Howard Francis Corcoran

From Wikipedia, the free encyclopedia
Jump to: navigation, search

Howard Francis Corcoran (January 25, 1906 – May 11, 1989) was a United States federal judge.

Born in Pawtucket, Rhode Island, Corcoran received an A.B. from Princeton University in 1928 and an LL.B. from Harvard Law School in 1931. He served in the United States Department of Agriculture from 1933 to 1934, worked for the Tennessee Valley Authority from 1934 to 1935, an was a legal associate for the Securities and Exchange Commission from 1935 to 1938. He was an assistant U.S. Attorney for the Southern District of New York from 1938 to 1943, and was the United States Attorney for the Southern District of New York in 1943. He then served in the United States Army during World War II, from 1943 to 1945. After the war, he entered private practice in New York City from 1946 to 1954, and then in Washington, D.C. until 1965.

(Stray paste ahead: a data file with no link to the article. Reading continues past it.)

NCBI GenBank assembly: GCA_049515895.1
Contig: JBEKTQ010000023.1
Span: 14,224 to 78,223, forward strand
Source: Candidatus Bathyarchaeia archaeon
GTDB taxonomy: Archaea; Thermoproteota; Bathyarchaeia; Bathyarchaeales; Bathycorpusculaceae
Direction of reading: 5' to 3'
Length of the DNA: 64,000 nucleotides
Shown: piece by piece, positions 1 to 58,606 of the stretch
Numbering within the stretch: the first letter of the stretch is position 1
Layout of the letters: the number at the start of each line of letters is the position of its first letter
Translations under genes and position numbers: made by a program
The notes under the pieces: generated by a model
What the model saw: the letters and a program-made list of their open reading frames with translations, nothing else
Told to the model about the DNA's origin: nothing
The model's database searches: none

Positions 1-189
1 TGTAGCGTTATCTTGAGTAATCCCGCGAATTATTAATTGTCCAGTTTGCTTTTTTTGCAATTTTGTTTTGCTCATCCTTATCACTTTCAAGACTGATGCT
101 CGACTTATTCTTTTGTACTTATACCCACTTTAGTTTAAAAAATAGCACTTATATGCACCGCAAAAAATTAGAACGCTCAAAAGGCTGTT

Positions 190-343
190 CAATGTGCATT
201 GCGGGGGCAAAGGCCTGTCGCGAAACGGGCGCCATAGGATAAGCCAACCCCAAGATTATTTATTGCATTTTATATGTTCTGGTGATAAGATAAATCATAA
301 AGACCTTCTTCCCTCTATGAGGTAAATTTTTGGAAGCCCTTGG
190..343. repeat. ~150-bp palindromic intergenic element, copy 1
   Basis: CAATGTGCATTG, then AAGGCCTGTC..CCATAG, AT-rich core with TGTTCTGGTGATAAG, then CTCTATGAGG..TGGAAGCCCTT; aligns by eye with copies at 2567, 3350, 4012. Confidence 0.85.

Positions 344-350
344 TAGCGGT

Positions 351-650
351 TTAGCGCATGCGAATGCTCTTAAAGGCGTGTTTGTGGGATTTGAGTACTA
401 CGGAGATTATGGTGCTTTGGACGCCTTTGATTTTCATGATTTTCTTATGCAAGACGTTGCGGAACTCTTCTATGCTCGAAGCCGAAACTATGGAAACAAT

On March 1, 1965, Corcoran was nominated by President Lyndon B. Johnson to a seat on the United States District Court for the District of Columbia, vacated by Charles F. McLaughlin. Corcoran was confirmed by the United States Senate on March 11, 1965, and received his commission the same day. He assumed senior status on November 30, 1977, serving in that capacity until his death, in Washington, D.C.

After the brazen public murder of Mary Pinchot Meyer in the summer of 1965, Judge Corcoran ruled that the victim's private life and connections to John F. Kennedy could not be disclosed in the courtroom. The alleged perpetrator was quickly acquitted.[1]

References[edit]

  1. ^ Washington Post, "Murder on the Canal"', 13 October 1998

Sources[edit]